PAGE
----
This subproject aims to dive into the realm of Polish conspiracy theories from a cultural-anthropological perspective, focusing but not limiting itself to populist parties and movements on the right of the political spectrum in Poland.
Although indications of conspiracy theories and populism have been found in both right and left-wing politics in Poland, some of their manifestations seem to be more present and meaningful than others. What is more, some of the most popular conspiracy theories in Poland are deeply intertwined with aspects of Polish collective memory.
In this context, the governing Law and Justice (PiS) party is a particularly interesting example to explore. In the last years, PiS has been receiving increasing attention for being vocal about presumed conspiracies and enemies – both in and outside of the party, manifesting in theories surrounding the traumatic Smolensk airplane crash in 2010 or the Round Table talks in 1989.
On the other hand, the oppositional, far-right coalition of parties Konfederacja has also shown to be supportive of conspiracy theories and populist rhetoric, most prominently during the Covid-19 pandemic. Having become a refuge not only for vaccine-skeptics but proponents of various other forms of alternative knowledge over the past years, Konfederacja has established its reputation as an anti-systemic party between tradition and modernity.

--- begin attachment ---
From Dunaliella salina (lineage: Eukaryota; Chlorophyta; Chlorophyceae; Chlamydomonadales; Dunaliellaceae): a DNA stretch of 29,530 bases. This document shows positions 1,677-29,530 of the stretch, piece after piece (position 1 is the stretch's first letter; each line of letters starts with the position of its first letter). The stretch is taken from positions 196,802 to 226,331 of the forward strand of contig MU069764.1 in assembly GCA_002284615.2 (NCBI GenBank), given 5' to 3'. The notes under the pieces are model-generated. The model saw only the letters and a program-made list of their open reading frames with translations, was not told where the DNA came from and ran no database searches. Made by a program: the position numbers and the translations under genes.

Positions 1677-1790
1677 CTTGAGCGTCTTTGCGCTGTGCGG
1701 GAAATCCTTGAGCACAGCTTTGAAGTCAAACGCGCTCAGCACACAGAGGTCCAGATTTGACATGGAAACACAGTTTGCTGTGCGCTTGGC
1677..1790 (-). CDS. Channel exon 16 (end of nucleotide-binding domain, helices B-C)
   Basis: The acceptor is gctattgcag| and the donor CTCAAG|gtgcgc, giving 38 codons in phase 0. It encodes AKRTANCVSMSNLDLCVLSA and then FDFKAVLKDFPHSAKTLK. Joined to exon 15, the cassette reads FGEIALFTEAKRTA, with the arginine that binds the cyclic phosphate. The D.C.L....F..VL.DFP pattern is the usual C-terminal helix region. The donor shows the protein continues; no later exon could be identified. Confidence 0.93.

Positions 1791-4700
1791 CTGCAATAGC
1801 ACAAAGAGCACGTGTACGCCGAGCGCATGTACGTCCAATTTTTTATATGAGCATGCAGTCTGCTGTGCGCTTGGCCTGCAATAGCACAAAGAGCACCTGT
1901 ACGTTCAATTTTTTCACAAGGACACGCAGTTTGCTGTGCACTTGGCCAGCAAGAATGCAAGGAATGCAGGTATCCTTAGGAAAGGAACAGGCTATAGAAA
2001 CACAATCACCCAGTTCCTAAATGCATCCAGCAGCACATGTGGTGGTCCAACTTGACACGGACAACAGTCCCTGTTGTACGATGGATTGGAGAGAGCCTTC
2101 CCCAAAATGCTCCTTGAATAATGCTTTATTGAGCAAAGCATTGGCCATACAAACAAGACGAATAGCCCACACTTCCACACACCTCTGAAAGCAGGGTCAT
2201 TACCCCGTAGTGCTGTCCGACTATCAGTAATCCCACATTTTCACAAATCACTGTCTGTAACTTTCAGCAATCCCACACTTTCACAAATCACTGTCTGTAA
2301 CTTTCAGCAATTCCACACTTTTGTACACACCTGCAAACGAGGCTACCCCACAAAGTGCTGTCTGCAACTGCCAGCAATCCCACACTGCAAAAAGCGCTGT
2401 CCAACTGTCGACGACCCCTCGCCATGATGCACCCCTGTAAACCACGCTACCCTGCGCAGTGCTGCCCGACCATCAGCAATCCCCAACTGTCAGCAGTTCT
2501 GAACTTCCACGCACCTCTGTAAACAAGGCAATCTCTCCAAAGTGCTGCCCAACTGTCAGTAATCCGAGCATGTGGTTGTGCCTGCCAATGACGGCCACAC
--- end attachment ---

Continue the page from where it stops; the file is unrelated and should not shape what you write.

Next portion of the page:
Basing its research on ethnographic methods, the project seeks to explore the meaning of conspiracist tropes for these parties’ representatives, members and voters. Specific attention shall be paid to Poland’s specific history and collective memory, which has been saturated with negative experiences and which continues to fuel belief in conspiracies today.